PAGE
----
Monday, August 28, 2017
The other day, on Twitter, my friend (and fellow Prawfsblogger) Daniel Rodriguez tweeted a plea ("[W]here is the Holy Father where you need him?") for Pope Francis to weigh in on the current President's decision to pardon former Maricopa County Sheriff Joe Arpaio of his criminal contempt conviction. I'm not sure, actually, I want the Pope to weigh in on specific matters like this, but put that aside. A few, decidely not-papally-endorsed thoughts:
First, I take it that there is no "Catholic" position on the questions (a) whether our Constitution gives the President the power to grant this pardon and (b) whether our Constitution authorizes federal judges to review this (or any other) pardon. I assume the answer to (a) is "yes" and the answer to (b) is "no."
Second, I believe, and have often said publicly, that executives should use their pardon and commutation powers, to correct injustices or to show mercy, more often and more generously than they do. Yes, the power has often been abused (e.g., Marc Rich should not have been pardoned, in my view, and Chelsea Manning's sentence should not have been commuted when and as it was), but it should be prudently and meaningfully exercised.
Third, it seems to me that the pardon of ex-Sheriff Arpaio is a gross misuse of the pardon power. (My family moved to Arizona in the mid-1980s, and I'm very familiar with Arpaio's record, which is not "conservative" so much as it is petty, cruel, grandstanding, and ugly.) The pardon, like the President's responses to the events in Charlottesville, sends a terrible message and reveals (or, rather, confirms) the President's unfitness for the office he holds. The remedies for this abuse are political (e.g., public criticism, elections, impeachment, etc.) not judicial, but an abuse it still is.
Fourth, we should distinguish entirely warranted criticisms of Arpaio and his record from broader questions about the content and enforcement of immigration law and policy. One can (easily) think that Arpaio's record is indefensible and that it is not racist or contrary to Catholic Social Teaching to (reasonably and humanely) enforce borders and immigration laws. Of course, to the extent this latter position is identified with Arpaio and his record, it will lose credibility in the minds of many.
So, when the Holy Father calls, Dan, that's what I'll say! =-)
Sunday, August 27, 2017
Some time back a writer for the radical left-wing magazine Jacobin interviewed me for a profile he was writing of my friend and teaching partner Cornel West. In the end, none of my comments made it into his article. Here is what I told him:
What a lot of people on the left as well as the right fail to understand about Cornel West is his profound integrity. But to fail to grasp that is utterly to misunderstand who the man is and why he does what he does and says what he says. Cornel will speak the truth as he best understands it no matter what. Of course, he is not infallible, nor does he claim to be. Like the rest of us, he can err. (Unlike far too many people, though, he is always open to argument and willing to reconsider and revise his views where compelling reasons for doing so have been provided.) But where faith and reason lead him to a certain judgment, he will take his stand there and say exactly what he believes to be true—no matter whose ox is gored, and no matter the consequences for himself personally. Truth has priority for him. He will never under any circumstances sacrifice the truth or go silent about it to be “a good team player” or even to avoid being accused of giving aid and comfort to political opponents. Much less will he compromise his vocation as a truth-teller to gain or maintain influence or “access.’ People who do not understand that, do not understand him.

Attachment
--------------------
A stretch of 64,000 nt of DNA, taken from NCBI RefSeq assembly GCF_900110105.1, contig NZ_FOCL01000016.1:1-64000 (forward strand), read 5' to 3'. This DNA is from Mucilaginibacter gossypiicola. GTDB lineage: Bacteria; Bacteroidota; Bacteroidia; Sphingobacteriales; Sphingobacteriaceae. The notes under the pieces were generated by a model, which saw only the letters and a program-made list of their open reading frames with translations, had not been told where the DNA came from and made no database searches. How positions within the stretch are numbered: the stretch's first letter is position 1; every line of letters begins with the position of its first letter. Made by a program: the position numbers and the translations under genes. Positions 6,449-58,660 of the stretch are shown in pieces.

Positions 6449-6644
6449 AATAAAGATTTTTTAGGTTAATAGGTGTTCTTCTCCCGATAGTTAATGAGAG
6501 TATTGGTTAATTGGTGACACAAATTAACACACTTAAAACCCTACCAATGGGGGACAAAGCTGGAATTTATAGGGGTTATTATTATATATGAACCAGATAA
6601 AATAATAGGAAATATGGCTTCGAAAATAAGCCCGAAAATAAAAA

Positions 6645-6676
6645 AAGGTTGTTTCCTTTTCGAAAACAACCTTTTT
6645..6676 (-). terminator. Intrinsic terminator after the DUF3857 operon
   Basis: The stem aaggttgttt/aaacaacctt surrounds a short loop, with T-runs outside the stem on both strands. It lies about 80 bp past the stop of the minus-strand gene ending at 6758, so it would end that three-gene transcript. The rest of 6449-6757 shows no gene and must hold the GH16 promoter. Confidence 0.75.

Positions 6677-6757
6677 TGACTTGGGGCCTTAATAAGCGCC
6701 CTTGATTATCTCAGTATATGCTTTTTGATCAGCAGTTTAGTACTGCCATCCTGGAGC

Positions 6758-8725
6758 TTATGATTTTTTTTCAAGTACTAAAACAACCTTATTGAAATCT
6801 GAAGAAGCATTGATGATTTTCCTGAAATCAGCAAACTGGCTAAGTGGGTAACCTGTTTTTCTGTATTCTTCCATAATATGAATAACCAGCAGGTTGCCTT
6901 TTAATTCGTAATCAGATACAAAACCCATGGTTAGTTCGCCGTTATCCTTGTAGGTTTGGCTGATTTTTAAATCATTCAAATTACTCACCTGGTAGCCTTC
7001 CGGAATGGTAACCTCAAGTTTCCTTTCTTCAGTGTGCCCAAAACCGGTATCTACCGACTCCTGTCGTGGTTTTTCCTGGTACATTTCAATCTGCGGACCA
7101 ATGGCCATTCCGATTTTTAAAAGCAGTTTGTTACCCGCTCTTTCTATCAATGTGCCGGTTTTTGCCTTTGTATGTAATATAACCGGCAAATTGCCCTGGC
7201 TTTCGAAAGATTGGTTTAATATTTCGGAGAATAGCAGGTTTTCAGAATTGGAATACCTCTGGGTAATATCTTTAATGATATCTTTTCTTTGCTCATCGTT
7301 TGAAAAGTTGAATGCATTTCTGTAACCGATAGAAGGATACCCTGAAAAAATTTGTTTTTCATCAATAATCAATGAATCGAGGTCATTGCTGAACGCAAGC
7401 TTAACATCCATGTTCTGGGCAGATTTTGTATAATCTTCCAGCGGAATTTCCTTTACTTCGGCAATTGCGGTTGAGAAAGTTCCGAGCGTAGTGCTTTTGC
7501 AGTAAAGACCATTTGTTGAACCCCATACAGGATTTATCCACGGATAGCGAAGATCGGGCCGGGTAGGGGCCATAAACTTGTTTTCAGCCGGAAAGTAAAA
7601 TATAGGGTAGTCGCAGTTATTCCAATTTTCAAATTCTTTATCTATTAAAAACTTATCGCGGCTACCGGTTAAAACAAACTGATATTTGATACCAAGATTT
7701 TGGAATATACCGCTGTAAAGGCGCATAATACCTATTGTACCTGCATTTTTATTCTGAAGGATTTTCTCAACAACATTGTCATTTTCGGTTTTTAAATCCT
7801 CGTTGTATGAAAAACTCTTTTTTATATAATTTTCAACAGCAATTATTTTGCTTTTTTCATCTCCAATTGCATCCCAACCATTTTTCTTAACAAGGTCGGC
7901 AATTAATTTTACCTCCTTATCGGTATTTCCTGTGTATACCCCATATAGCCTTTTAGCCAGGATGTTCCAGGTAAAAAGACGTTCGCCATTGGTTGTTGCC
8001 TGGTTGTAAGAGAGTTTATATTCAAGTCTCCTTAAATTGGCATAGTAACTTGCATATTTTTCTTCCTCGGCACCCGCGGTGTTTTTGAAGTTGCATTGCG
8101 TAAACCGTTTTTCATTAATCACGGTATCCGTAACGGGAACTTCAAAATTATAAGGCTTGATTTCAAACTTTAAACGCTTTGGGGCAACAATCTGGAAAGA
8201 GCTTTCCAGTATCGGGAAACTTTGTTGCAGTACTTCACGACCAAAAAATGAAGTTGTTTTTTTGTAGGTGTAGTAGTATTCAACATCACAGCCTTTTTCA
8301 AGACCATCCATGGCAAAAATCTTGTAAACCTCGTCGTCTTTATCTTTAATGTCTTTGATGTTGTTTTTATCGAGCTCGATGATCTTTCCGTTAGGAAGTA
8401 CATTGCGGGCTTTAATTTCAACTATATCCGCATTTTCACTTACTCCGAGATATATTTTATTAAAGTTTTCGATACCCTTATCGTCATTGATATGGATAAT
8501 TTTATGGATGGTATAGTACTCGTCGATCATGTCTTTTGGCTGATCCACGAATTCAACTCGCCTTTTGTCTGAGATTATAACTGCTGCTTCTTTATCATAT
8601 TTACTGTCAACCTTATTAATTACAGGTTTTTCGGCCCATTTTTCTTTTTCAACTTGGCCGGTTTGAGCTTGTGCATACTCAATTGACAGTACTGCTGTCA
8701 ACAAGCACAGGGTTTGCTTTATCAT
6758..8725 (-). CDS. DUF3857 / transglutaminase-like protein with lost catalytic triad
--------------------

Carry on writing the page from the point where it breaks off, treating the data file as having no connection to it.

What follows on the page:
Of course, in this cynical and selfish age, a lot of people don’t get any of this. They assume that the truth-teller really is just one more operator, like everyone else. They suppose that he’s got some hidden agenda, that he’s motivated by some selfish or partisan interest, that he’s got some racket going. So Cornel’s critics cynically and falsely accuse him of craving attention; of carrying out some personal vendetta against, for example, President Obama or Hillary Clinton; of jealously guarding his status as the leading Black public intellectual against younger rivals who seek to displace him. But for anyone who actually knows him—who understands his heart, what makes him tick—this is utter nonsense. What explains what he does and says is the fact that he is a truth-driven radical Christian. What he is doing is trying to bear witness to the truth, as God gives him to understand the truth, and he places every gift he has been given, from his intellect to his celebrity, in the service of that vocation.